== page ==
Hemicrania continua and unilateral headaches: are they still together in the IHS classification?
© Antonaci et al. 2015
Published: 28 September 2015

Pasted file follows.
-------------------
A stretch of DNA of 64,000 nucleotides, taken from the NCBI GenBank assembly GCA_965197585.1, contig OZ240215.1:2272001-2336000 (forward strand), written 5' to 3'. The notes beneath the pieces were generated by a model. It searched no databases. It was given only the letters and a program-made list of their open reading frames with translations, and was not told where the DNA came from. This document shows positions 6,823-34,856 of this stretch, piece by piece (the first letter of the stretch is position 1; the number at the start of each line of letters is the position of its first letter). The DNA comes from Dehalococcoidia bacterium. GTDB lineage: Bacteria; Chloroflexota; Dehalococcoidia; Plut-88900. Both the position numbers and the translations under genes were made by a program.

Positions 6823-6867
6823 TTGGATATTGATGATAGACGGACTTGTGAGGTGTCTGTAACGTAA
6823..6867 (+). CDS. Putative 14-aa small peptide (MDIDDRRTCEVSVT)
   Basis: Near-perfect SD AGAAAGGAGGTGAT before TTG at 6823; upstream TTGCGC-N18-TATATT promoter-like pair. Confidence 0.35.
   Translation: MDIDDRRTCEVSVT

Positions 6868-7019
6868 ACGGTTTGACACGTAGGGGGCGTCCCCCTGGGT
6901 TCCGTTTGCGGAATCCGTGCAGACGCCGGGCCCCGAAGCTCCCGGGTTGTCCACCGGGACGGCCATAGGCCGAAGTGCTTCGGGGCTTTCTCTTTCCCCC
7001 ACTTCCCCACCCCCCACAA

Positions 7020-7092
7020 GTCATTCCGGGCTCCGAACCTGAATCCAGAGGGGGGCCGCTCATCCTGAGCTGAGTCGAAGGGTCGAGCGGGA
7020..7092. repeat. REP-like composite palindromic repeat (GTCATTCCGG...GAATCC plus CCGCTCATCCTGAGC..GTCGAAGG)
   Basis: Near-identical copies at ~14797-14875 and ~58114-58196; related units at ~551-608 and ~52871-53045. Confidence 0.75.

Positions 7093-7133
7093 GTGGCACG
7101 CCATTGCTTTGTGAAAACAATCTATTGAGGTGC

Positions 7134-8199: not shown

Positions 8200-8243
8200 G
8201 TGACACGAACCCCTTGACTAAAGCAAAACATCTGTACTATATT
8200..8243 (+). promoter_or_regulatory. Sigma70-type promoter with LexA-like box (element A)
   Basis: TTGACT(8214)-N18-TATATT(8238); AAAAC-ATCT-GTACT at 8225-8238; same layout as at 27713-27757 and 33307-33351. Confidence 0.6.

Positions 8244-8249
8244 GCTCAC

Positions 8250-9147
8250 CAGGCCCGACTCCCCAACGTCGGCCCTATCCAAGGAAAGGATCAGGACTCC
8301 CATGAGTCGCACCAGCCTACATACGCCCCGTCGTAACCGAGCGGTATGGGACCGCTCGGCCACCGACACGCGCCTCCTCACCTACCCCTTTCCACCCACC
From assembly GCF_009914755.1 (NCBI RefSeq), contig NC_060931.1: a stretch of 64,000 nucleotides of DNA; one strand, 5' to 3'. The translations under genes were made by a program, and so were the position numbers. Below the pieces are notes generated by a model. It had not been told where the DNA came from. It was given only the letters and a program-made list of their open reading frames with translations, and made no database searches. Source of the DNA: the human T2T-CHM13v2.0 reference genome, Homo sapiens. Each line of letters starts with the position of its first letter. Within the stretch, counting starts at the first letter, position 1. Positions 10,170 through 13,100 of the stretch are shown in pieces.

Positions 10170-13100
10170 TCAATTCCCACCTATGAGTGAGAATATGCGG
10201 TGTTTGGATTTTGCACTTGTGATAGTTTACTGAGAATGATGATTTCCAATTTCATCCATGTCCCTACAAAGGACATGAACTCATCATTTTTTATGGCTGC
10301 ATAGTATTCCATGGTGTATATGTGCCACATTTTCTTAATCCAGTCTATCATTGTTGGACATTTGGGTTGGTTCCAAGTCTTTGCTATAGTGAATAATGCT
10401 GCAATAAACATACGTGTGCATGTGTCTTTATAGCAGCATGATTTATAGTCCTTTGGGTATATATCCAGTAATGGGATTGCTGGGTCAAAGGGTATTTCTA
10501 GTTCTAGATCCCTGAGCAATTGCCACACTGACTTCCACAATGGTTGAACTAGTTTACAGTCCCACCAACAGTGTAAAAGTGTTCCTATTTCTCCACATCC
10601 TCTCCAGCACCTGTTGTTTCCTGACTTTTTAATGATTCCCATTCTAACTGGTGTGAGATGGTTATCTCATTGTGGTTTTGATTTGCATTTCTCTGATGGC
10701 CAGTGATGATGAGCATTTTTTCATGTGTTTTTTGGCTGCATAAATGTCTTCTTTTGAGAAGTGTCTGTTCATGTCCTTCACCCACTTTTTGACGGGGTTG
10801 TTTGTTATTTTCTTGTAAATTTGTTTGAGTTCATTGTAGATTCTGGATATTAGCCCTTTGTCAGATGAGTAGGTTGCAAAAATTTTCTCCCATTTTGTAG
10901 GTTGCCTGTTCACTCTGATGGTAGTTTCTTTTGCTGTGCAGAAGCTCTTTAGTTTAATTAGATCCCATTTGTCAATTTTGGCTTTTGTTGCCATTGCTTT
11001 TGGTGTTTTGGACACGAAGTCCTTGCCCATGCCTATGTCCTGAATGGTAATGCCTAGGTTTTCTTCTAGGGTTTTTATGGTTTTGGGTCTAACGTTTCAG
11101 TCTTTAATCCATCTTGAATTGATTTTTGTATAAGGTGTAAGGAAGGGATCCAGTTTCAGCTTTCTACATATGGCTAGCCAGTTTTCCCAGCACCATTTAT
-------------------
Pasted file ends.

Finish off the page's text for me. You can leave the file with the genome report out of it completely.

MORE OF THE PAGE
Sjaastad & Spierings described “Hemicrania continua” (HC) in 1984. In 2001, succinct criteria were presented: permanent hemicrania, pain intensity: mild-moderate, (but occasionally - severe) and indomethacin dosage < 150 mg daily. In addition, relative shortage of “local” autonomic phenomena, relative lack of “migraine symptoms” and of “cervicogenic” features. Such patients generally had tried legion drugs, with little effect. Such trials equal the usage of placebo. These guidelines seemed to function close to optimally. Then, criteria of the International Headache Society (IHS) (ICHD-III beta classification) came along. Surprisingly, they were transferred from a recent review article by Goadsby, almost word by word, despite the existence of a committee of intelligent and knowledgeable colleagues. There is an abundance of failures in the actual scheme. It is unacceptable to include as mandatory criteria, facial/forehead autonomic features. In this way, e.g. sweating becomes prominent - 33%, against a subjective feeling of sweating in only 6% of our series (ratio: 5.5). Objectively, by quantitative evaporimetry, there was no facial asymmetry in all our 8 cases. There were 12 autonomic phenomena in this category, with a mean ratio between Goadsby's/our figures of 4.4. When made mandatory, autonomic features will create bogus cases. Bogus cases necessitate ultra-high indomethacin dosages; such dosages have an unspecific, analgesic effect, on various headaches. Our mean indomethacin continuation dosage was: 83 mg (range: 50-150), while in Goadsby's series it was 176 mg (25-500). HC is the unilateral headache with the least “local” autonomic features, “migrainous” and “vascular” components. It is a rather “pure” headache. The present classification brings HC nearer to other unilateral headaches with local autonomic symptoms, a misunderstood policy. CPH is exceptional with clinical similarities; the absolute indomethacin effect suggests a shared, core pathogenesis.
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